Energy drinks are beverages that typically contain caffeine, other plant-based stimulants, simple sugars and other additives. Sales of energy drinks have soared in recent years. In the U.S., sales increased 60 percent between 2008 and 2012. It is estimated that 68 percent of adolescents, 30 percent of adults and 18 percent of children under the age of 10 consume the beverages.
With the increase in energy drink consumption, there has also been a concerning trend in people mixing energy drinks with alcohol. It is reported that 71 percent of adults aged 18-29 who consume energy drinks also mix them with alcohol.
Energy drinks and alcohol come with their own set of health and safety concerns, especially when a high volume is consumed. Combining alcohol and energy drinks together can also be a recipe for disaster. The Food and Drug Administration (FDA) has banned the sale of premixed alcoholic energy drinks such as Four Loco, saying they’re unsafe, but it’s easy for people to just mix their own.
Health Effects of Energy Drinks
Most energy drinks contain large amounts of caffeine, which can provide a temporary energy boost. Some energy drinks contain sugar and other substances. The boost is short-lived, however, and may be accompanied by other problems.
For example, energy drinks that contain sugar may contribute to weight gain – and too much caffeine, or caffeine-like substances, can lead to:
- Rapid heartbeat
- Increased blood pressure
For more information, check out the LHSFNA’s three-part series on energy drinks, which covers their misleading labels, health effects and some healthier alternatives.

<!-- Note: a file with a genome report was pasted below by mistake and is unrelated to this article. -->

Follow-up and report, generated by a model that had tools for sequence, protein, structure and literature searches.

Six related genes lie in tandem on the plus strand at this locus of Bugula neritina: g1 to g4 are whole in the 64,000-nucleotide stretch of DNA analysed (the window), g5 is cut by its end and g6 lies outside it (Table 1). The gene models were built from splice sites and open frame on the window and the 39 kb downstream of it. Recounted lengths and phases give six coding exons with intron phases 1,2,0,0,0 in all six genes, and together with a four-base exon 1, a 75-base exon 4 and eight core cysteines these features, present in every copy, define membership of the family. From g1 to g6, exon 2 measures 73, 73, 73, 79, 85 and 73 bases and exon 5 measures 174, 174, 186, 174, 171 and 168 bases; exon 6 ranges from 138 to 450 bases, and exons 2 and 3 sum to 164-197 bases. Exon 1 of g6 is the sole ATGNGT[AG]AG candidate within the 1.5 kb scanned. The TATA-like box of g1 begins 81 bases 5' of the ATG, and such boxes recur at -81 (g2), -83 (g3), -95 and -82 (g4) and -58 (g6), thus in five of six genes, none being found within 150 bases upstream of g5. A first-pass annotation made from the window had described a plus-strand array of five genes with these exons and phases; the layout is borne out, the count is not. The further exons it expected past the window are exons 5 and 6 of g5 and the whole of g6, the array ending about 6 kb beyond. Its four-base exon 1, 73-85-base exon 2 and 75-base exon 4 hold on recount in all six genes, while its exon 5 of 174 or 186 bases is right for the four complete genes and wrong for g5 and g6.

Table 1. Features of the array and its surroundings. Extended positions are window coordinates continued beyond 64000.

Over the last several years, various small studies have been conducted to examine the effects of combining alcohol and energy drinks, specifically the caffeine in energy drinks combined with alcohol. While relatively small in sample size, the studies have each come to similar conclusions.
A major concern is that mixing energy drinks with alcohol can lead to “wide-awake drunkenness,” where caffeine masks the feeling of drunkenness but does not decrease actual alcohol-related impairment. As a result, mixing energy drinks with alcohol causes someone to drink more than if they had consumed alcohol alone. Not feeling as drunk as you really are can lead to:
- Increased risky behavior such as drunk driving, fighting or unprotected sex
- Increased risk for alcohol poisoning
- Increased emergency room visits
- Increased binge drinking
In addition, combining energy drinks with alcohol can have potential negative health effects such as:
- Elevated heart rate, blood pressure and sugar levels
- Seizures or convulsions
- Nervousness/irritability/mood swings
- Dehydration which can contribute to really bad hangovers
- Sleep interruptions/insomnia
- Kidney strain
- Adolescent brain damage
Impact on a Jobsite
Although drinking alcohol on its own can contribute to a hangover, people who consume alcohol with energy drinks are even more likely to be hung over. “Being hung over on the job can lessen a worker’s ability to concentrate and have a negative impact on balance and reflexes,” says LHSFNA Management Co-Chairman Noel C. Borck. “It can also make you more irritable, drowsy or cause you to work at a slower pace, which can be frustrating to those around you.”
Workers should keep this in mind before combining energy drinks and alcoholic beverages, especially if they will be working within the next 24 hours. It goes without saying that drinking any alcohol right before work or during work hours is not encouraged and is likely a violation of most, if not all, drug-free workplace policies.
If you or someone you know may have a problem with alcohol there are many resources available to help.
- Employee Assistance Program – check with your employer or Health and Welfare Fund about availability
- Benefit plans through LIUNA Health and Welfare Funds
- Community services/resources
- Self-help groups
If you don’t know where to begin, you can always reach out to your Business Agent(s) or Business Manager(s) for assistance. The following websites may be able to provide support or assist in locating support:
Substance Abuse and Mental Health Service Administration (SAMHSA) National Helpline
[Jamie Becker is the LHSFNA Health Promotion Division’s Associate Director.]